If we take our 58mm lens at f/2, our aperture has a diameter of 29mm. If my old high school maths serves me correctly, you get the area of a circle using the formula πr². If our diameter is 29mm, then our radius is 14.5mm. According to the πr² equation, our aperture has an area of approximately 660mm².
If we now turn our aperture down one stop from f/2 to f/2.8 the result of the equation changes and the area of our aperture opening is now around 337mm². If we stop down to f/4, we get 165mm², f/5.6 is 84mm², f/8 is 41mm², and so on.
As you can see, each time we stop down the lens, the area of the lens is approximately halved (give or take a few mm²).
This is why, unlike ISO & shutter speed, the lower numbers let in more light, because you’re dividing the focal length by a smaller number and increasing that final value in the equation. It’s also why the numbers don’t double and half every stop as they do with ISO & shutter speed (although the area of the aperture opening does!)
As the amount of light traveling through the lens is a function of the focal length and aperture combined, this also means that f/ numbers are consistent across all lenses (in theory anyway – in the real world, manufacturing tolerances may mean that they vary a little from lens to lens). But this essentially means that f/2.8 on a 24mm lens would let in exactly the same amount of light and give you the same exposure as f/2.8 on a 50mm, 70mm, 105mm, 200mm or 300mm lens.
Right, that was way too complicated, is there an easier way to understand this?
Here’s the short version. This is a set of numbers that you should learn and become familiar with.
f/1.4, f/2, f/2.8, f/4, f/5.6, f/8, f/11, f/16, f/22, f/32.
f/1.4 is our brightest setting in this list, and f/32 is our darkest setting. Not all lenses go as bright as f/1.4, and not all go as dark as f/32 (and some lenses go brighter than f/1.4 or darker than f/32).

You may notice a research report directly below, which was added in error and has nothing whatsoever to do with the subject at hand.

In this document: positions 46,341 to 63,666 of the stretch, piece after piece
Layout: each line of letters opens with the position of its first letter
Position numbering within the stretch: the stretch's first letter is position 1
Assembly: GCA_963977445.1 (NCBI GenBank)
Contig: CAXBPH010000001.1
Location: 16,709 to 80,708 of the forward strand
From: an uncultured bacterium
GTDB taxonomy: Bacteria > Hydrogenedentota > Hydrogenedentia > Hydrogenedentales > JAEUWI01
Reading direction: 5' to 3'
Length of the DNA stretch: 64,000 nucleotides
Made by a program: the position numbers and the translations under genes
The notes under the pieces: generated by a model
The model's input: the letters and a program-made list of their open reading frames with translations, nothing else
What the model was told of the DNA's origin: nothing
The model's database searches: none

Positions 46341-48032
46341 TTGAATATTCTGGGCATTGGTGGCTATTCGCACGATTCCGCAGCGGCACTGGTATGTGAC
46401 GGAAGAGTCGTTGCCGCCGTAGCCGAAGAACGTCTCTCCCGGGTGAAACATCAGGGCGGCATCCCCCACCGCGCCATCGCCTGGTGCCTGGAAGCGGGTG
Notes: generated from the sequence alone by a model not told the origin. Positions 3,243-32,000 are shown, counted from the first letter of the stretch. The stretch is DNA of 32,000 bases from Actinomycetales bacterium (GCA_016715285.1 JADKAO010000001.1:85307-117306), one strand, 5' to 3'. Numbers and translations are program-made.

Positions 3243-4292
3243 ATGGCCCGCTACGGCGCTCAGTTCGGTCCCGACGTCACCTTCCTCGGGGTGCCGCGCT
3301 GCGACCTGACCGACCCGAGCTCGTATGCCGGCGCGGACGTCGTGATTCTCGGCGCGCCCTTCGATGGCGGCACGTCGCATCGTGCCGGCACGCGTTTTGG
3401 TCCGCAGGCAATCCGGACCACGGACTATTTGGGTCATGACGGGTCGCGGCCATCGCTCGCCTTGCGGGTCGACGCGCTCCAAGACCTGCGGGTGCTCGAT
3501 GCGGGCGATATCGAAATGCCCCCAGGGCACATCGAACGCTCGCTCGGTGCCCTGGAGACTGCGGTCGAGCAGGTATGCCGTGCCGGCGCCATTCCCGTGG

Each of the numbers in that list is either a stop brighter than the number than it’s neighbour on the right, or a stop darker than its neighbour on the left. If, for example, you’re at f/4 and you want to lose a stop of light, you go to f/5.6, if you want to lose two stops, you go to f/8. If you’re at f/4 and you want to increase the light by a stop, you open up to f/2.8, and if you want to increase it by two stops you go to f/2 (assuming you have a lens capable of it).
Your camera may show other numbers in between those, these are either 1/2 stop or 1/3rd stop increments. For now, you don’t really need to worry about those, but if you understand what’s been said above, you’ll probably understand that too.
Cool, got it! So, is there anything else that can affect the amount of light my camera sees or records?
Why, yes, there is. How fortunate you asked!
Pretty much anything that you put in front of a lens or a light source will affect the amount of light that is ultimately received by your camera. For the sake of consistent and predictable results, however, let’s have a look at neutral density, or ND filters (and please, no arguments on whether they technically are or aren’t classed as “filters”).